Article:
YouTube Adds Monetization Options for Viral Videos

Extending its Partner Program to one-hit-wonders

YouTube is on its way towards becoming a money-making machine for Google or at least putting some money back into its accounts instead of draining them like it has done so far. Even Google is saying that the site will soon be profitable. There are several reasons behind its increased confidence, like the fact that it's signing more and more professional content creators but also because its monetization process is incrementally getting better with new features and advertising programs. And now YouTube is adding a new program to help one-hit-wonder videos that go viral make their authors and Google some money by displaying ads next to them.

Revenue sharing has been an option for some time now for select “partners.” Launched a year and a half ago, YouTube's Partner Program has allowed the most prolific and popular content creators to make money from the ads placed next to the videos. This worked out well for everyone involved; YouTube retained its biggest stars and the users were motivated to create newer and better content. However, the site's main draw isn't the shows uploaded to it, it's the videos uploaded by regular users, sometimes maybe even their first videos on YouTube, which stand out and go on to get millions of views.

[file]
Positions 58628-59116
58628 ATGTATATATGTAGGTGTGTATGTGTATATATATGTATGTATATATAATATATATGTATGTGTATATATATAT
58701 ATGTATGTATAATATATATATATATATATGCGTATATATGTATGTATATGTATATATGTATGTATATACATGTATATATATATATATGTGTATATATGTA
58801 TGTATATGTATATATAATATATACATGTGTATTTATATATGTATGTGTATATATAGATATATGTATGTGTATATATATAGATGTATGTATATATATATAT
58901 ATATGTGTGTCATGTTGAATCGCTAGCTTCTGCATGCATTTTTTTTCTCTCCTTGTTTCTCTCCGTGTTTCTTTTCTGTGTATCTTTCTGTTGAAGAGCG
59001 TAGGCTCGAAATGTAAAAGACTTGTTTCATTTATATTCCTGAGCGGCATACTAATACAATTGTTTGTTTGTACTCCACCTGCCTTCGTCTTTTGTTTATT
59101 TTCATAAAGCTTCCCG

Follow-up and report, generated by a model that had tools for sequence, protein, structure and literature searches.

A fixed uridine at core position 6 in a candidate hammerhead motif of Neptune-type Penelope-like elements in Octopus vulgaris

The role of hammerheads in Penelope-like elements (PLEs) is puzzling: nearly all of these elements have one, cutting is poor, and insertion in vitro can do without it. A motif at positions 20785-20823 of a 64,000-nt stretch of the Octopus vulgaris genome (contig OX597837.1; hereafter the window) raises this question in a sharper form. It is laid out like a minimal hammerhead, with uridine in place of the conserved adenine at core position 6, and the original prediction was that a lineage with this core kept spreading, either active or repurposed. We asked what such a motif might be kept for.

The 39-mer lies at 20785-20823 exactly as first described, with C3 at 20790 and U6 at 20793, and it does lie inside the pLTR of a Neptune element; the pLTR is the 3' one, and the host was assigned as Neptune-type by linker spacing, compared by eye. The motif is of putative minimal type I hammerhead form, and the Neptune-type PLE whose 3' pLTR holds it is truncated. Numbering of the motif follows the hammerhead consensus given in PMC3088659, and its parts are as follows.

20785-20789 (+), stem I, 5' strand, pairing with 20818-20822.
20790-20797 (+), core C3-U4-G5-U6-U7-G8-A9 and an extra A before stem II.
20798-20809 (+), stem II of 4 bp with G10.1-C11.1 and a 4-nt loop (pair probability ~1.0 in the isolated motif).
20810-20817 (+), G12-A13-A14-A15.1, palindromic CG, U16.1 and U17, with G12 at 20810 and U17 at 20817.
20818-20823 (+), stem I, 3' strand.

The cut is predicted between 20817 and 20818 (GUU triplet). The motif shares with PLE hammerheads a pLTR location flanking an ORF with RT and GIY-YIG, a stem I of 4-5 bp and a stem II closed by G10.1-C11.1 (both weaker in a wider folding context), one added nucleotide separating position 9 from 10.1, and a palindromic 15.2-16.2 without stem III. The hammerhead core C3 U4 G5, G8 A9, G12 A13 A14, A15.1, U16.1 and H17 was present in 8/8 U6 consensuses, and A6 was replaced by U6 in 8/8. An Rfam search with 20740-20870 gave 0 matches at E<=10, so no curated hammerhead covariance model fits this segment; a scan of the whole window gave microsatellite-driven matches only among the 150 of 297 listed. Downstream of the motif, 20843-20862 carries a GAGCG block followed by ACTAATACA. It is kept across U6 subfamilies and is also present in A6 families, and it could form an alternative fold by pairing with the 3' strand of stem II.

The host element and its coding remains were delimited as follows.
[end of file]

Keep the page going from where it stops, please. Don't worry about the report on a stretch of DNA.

“Today we're excited to announce that we're extending the YouTube Partnership Program to include individual popular videos on our site. Now, when you upload a video to YouTube that accumulates lots of views, we may invite you to monetize that video and start earning revenue from it. To determine whether a particular video is eligible for monetization, we look at factors like the number of views, the video's virality and compliance with the YouTube Terms of Service,” Shenaz Zack, product manager at YouTube, wrote.

With the extended Partner Program, videos that YouTube determines are going viral will be invited to join the program with an email and with a message in several places in the users' accounts. If the latter choose to monetize their videos the money will be paid through an AdSense account that they would also have to set up if they don't already have one. Google hopes that this move, which has been requested by its users and advertisers alike, will increase the number of partners from several thousands to tens of thousands.

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